Plus I want diesel power. I've driven a gasoline, 34 foot motor home to places like Alaska, Yellowstone National Park and the greater Grand Canyon area. To be honest, when I see the mountains in the distance, knowing I have to drive over them, it makes for an unpleasant day's drive. Once I begin to climb, I lose speed. Doesn't matter how hard I smash the gas pedal. When I first got the RV, I put a Banks system on it for more power. I'd hate to see how slow I'd go without that aftermarket addition. But I've always managed to get to my final destination. I want to enjoy the ride more.

I think the solution for more power is to go diesel. Diesel RVs are big money. Even used. I'm at a point in my life where I will spend the money to get what I want. But there's always a max that I'm willing to spend. Right now it's good to roll down the road with no debts. The rig and tow vehicle have been paid off for a few years. I have assets that aren't easily liquidated, so most likely I'll have to finance part of any upgrade purchase. And on top of that, I'm debt adverse. So when the time comes, I'll do what I have to do.

Going the 5th wheel route, I can trade in my Jeep for a tow vehicle. Trade the RV in for a 5th wheel. I think this would end up costing me less in the long run. The important part is to get the correct truck to tow with. 5th wheels lack the under carriage storage that RVs have. We can go the toy hauler route and use that space for storage. Weights for 5th wheels are all over the place. I'd like to get a setup that I look forward to driving when I get in the mountains. But once I get to where I'm going, I will have to back up the 5th wheel at some point. I've backed up the RV, in some tight spots, by myself. But backing a 5th wheel in might be a challenge.

5th wheels live more like small apartments. I think we will enjoy the extra living space. We have seen a few with comfortable reclining chairs and inviting set ups. I also realize that no matter which route we go, we are trading our know issues for a complete set of different unknown issues. With an RV, it seems like there is always some sort of annoying issue going on. Some problems can be taken care of by the mobile repair people. Other fixes require going into the shop for a while. Once our rig goes in the shop, we have to find somewhere else to sleep for the duration. Getting an appointment for repairs can take weeks.

So in the mean time, I'll keep looking for that gotta have deal. The more research I do prior should pay dividends on the back end. Time will tell.
 

limblips

Well-Known Member
PREMO Member
Bear with me here. I'm gonna freeform this.

OK, in the campground, the places we go, not the state parks, the mix is somewhere say 40% class As, 40% 5th wheels, 15% travel trailers& class Cs and around 5% class B conversion vans. Talk to enough people and you will find a bunch that just love their rig. A few will point out what they don't like. Actually Vrai is much more content with our current set up. Her only beef is the bed is hard to make. I hate the carpet and I believe I would enjoy another slide out in the living area.

Plus I want diesel power. I've driven a gasoline, 34 foot motor home to places like Alaska, Yellowstone National Park and the greater Grand Canyon area. To be honest, when I see the mountains in the distance, knowing I have to drive over them, it makes for an unpleasant day's drive. Once I begin to climb, I lose speed. Doesn't matter how hard I smash the gas pedal. When I first got the RV, I put a Banks system on it for more power. I'd hate to see how slow I'd go without that aftermarket addition. But I've always managed to get to my final destination. I want to enjoy the ride more.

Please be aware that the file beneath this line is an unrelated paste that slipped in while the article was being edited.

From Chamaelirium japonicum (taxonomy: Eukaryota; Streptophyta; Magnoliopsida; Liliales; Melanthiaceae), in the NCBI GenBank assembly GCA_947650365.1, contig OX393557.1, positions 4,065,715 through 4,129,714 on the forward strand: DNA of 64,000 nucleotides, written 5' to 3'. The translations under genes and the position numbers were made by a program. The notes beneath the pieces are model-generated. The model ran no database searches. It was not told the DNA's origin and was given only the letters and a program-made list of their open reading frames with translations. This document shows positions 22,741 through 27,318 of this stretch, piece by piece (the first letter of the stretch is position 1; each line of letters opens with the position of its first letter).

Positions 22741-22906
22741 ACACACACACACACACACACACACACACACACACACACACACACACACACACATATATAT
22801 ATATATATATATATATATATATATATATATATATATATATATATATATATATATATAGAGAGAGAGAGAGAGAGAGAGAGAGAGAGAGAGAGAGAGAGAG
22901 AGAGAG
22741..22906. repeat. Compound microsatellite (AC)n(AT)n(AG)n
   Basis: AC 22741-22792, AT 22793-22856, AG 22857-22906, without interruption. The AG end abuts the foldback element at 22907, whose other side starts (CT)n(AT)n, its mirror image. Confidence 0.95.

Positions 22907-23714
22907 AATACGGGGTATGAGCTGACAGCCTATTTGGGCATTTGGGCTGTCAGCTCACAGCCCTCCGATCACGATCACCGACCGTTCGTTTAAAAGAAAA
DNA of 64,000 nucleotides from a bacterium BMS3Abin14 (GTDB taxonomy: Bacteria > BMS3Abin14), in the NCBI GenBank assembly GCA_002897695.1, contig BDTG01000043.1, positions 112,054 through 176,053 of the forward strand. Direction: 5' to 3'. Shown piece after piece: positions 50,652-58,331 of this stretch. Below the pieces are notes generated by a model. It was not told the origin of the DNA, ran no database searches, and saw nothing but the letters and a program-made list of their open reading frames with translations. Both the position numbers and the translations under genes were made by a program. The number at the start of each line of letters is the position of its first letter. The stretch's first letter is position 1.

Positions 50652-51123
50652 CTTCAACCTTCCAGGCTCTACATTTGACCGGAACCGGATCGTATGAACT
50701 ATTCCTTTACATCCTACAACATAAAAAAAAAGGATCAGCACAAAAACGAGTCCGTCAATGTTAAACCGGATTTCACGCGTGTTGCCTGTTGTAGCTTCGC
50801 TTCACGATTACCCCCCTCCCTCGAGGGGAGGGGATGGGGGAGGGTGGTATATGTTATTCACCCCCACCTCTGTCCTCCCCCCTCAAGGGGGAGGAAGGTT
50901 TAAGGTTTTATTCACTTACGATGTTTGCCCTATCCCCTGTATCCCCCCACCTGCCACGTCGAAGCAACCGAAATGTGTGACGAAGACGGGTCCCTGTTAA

I think the solution for more power is to go diesel. Diesel RVs are big money. Even used. I'm at a point in my life where I will spend the money to get what I want. But there's always a max that I'm willing to spend. Right now it's good to roll down the road with no debts. The rig and tow vehicle have been paid off for a few years. I have assets that aren't easily liquidated, so most likely I'll have to finance part of any upgrade purchase. And on top of that, I'm debt adverse. So when the time comes, I'll do what I have to do.

Going the 5th wheel route, I can trade in my Jeep for a tow vehicle. Trade the RV in for a 5th wheel. I think this would end up costing me less in the long run. The important part is to get the correct truck to tow with. 5th wheels lack the under carriage storage that RVs have. We can go the toy hauler route and use that space for storage. Weights for 5th wheels are all over the place. I'd like to get a setup that I look forward to driving when I get in the mountains. But once I get to where I'm going, I will have to back up the 5th wheel at some point. I've backed up the RV, in some tight spots, by myself. But backing a 5th wheel in might be a challenge.

5th wheels live more like small apartments. I think we will enjoy the extra living space. We have seen a few with comfortable reclining chairs and inviting set ups. I also realize that no matter which route we go, we are trading our know issues for a complete set of different unknown issues. With an RV, it seems like there is always some sort of annoying issue going on. Some problems can be taken care of by the mobile repair people. Other fixes require going into the shop for a while. Once our rig goes in the shop, we have to find somewhere else to sleep for the duration. Getting an appointment for repairs can take weeks.

So in the mean time, I'll keep looking for that gotta have deal. The more research I do prior should pay dividends on the back end. Time will tell.
You make good points, especially the debt adverse! I will throw out a few of my opinions. For your type of traveling I do think diesel is the way to go. I wouldn't do diesel because our travels are mostly east and we travel light (28ft bumper pull with two slides) and my tow vehicle is also a daily driver. I decided I didn't want the added maintenance costs, fuel costs, and initial purchase cost of a diesel. Again, for your type of travel if a MH isn't right a 5vr is a nice way to go. The difference in handling of a 5vr and a bumper pull is night and day, my only caution would be with the toy hauler. All of that space looks good but you need to be careful how heavy you get back there. A tail heavy trailer is a white knuckle ride. If you do go diesel everybody you ask will tell you their brand is the best. I believe all of the big three make quality vehicles so it boils down to price, amenities, and comfort. As with the RV options each truck has it plusses and minuses. The DW wanted me to trade my 14K miles 2019 in because the 2021 Fords have the lay flat seat option! Told her to find some hot pants and a street corner to pay for it.